KINGSLEY FIELD, Ore. --
U.S. Air Force Senior Master Sgt. Kenny Shearer, the 173rd Aircrew Flight Equipment superintendent, says he would prefer his career stay out of the spotlight.
“It’s a thankless job, and I would prefer it stay thankless,” he says. “I would prefer it to be something that never gets used.”
The Aircrew Flight Equipment shop is tucked behind a small door at the end of a hallway. The unassuming door belies the importance of the mission: keeping Team Kingsley pilots alive, no matter what.
“We handle anything life-sustaining in the cockpit: your equipment, g-suits, flight suits helmets, harnesses, life preservers, anti-exposure systems,” Shearer adds.
This includes Anything relating to life sustainment in the aircraft or post-ejection such as oxygen equipment, ejection seats, and parachutes.
Given the life-saving nature of the equipment, there are a lot of inspections at every step of the process, keeping the AFE shop busy says Shearer. “It doesn’t matter if we’re flying or not flying, there’s always work to be done. When everyone goes home after a long day of work, AFE is still here.”
In addition to regularly scheduled inspections, every single flight generates multiple inspections for each set of gear worn by the pilot and used in the jet.
AFE also manages pilot survival education, equipping them with the knowledge that they need to survive from the moment they pull the ejection handle all the way up to the moment they are rescued by friendly forces.
Under the guidance of AFE, pilots learn how to prevent their parachute from dragging them across a body of water, or make their way down from a tree. “We even teach them SERE [Survival, Evasion, Resistance, and Escape],” adds Shearer.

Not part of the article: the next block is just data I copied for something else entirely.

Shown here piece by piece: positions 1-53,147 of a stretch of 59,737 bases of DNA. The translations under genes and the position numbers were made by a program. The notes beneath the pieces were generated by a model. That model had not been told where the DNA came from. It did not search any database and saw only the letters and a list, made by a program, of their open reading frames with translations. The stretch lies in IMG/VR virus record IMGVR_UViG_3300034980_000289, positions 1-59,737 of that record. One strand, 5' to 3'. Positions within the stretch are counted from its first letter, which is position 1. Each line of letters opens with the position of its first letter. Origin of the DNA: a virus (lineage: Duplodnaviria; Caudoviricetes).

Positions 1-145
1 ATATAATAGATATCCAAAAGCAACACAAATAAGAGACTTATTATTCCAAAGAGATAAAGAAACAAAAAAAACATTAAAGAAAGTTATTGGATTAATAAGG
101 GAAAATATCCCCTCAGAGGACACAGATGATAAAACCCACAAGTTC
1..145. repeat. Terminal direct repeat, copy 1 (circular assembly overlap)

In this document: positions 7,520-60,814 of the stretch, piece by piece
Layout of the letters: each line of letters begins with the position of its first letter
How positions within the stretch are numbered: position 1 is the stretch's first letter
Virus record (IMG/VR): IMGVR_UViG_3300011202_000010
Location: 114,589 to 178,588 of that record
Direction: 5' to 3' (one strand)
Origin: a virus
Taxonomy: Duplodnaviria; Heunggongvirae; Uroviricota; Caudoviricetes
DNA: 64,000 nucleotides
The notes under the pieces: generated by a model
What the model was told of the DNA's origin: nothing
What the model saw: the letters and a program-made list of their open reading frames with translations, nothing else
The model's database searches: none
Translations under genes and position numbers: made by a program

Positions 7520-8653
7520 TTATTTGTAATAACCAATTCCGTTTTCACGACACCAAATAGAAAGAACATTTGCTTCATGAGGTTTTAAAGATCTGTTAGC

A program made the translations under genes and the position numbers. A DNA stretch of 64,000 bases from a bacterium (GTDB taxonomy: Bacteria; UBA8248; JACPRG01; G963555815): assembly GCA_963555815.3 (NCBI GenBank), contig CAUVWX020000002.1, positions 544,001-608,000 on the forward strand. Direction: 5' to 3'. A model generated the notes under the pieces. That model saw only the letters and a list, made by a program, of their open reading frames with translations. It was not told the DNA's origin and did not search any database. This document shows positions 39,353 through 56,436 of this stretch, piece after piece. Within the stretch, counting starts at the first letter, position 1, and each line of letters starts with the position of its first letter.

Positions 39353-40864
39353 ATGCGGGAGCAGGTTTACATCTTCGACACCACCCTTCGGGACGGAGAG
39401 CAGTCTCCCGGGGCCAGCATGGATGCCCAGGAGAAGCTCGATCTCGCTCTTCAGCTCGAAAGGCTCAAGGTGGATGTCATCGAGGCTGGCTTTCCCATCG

SERE is the art and science of surviving enemy capture with your honor intact. Training includes overland and water survival, how to survive captivity, and other skills a pilot might need if downed over enemy territory. This training is necessary because pilots trained at Kingsley Field will join the ranks of the combat air force and fly in hostile environments, where a speedy rescue isn’t always possible.
Shearer says that his mission isn’t unique to Kingsley. “From your fighters, to your heavies, to your pararescue, all these areas have an AFE shop; putting all that into one area makes our career field huge.”
In a career field that includes everything from classroom teaching, gear inspections, parachute sewing, to oxygen system maintenance, Shearer says that it’s tough to keep track of everything AFE is responsible for.
Shearer feels the beauty of a “thankless” job is that pilots are returning to base safely nearly every day. The majority of the students don’t see most of what AFE does, and that means all the emergencies they prepare for, never happened.
“They really don’t know the depth and detail of what we do, and they don’t need to; but at the same time, if a pilot is recovered, the first place they go is AFE.”